Nonlinear modelling of FES-supported standing up in paraplegia for selection of feedback sensors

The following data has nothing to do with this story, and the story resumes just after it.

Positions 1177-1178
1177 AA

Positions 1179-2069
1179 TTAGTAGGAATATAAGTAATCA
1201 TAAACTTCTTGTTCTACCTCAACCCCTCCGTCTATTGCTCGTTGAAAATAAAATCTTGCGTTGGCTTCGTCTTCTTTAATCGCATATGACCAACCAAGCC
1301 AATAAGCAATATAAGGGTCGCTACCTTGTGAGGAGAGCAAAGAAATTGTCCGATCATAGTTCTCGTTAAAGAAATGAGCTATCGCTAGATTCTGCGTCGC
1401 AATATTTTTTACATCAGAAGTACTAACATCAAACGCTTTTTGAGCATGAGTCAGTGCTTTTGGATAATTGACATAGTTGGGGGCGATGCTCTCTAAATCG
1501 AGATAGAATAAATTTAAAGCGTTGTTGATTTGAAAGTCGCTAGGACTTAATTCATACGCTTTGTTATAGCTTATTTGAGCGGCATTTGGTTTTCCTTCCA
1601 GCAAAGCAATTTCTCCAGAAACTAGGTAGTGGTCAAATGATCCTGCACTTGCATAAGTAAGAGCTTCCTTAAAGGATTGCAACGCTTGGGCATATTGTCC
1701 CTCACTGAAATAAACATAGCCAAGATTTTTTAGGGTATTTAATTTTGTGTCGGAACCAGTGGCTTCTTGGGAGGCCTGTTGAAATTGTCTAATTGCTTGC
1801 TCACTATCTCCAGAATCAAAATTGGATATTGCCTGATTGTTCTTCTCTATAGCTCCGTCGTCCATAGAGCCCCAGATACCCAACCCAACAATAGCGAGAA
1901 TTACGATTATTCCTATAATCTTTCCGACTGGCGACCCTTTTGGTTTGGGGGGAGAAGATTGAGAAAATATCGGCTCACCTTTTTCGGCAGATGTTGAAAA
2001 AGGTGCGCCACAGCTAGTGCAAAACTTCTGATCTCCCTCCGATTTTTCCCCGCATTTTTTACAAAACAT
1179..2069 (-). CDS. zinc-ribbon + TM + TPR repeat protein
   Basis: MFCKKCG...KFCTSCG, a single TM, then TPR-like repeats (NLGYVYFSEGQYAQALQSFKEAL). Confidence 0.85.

This paper presents analysis of the standing-up manoeuvre in paraplegia considering the body supportive forces as a potential feedback source in functional electrical stimulation (FES)-assisted standing-up. The analysis investigates the significance of arm, feet, and seat reaction signals to the human body center-of-mass (COM) trajectory reconstruction. The standing-up behavior of eight paraplegic subjects was analyzed, measuring the motion kinematics and reaction forces to provide the data for modeling. Two nonlinear empirical modeling methods are implemented— Gaussian process (GP) priors and multilayer perceptron artificial neural networks (ANN)—and their performance in vertical and horizontal COM component reconstruction is compared. As the input, ten sensory configurations that incorporated different number of sensors were evaluated trading off the modeling performance for variables chosen and ease-of-use in everyday application. For the purpose of evaluation, the root-mean-square difference was calculated between the model output and the kinematics-based COM trajectory. Results show that the force feedback in COM assessment in FES assisted standing-up is comparable alternative to the kinematics measurement systems. It was demonstrated that the GP provided better modeling performance, at higher computational cost. Moreover, on the basis of averaged results, the use of a sensory system incorporating a six-dimensional handle force sensor and an instrumented foot insole is recommended. The configuration is practical for realization and with the GP model achieves an average accuracy of COM estimation 16 1.8 mm in horizontal and 39 3.7 mm in vertical direction. Some other configurations analyzed in the study exhibit better modeling accuracy, but are less practical for everyday usage. Index Terms—Artificial neural network (ANN), center of mass (COM), feedback, functional electrical stimulation (FES), Gaussian process (GP), mixture models, paraplegia, position tracking, standing-up.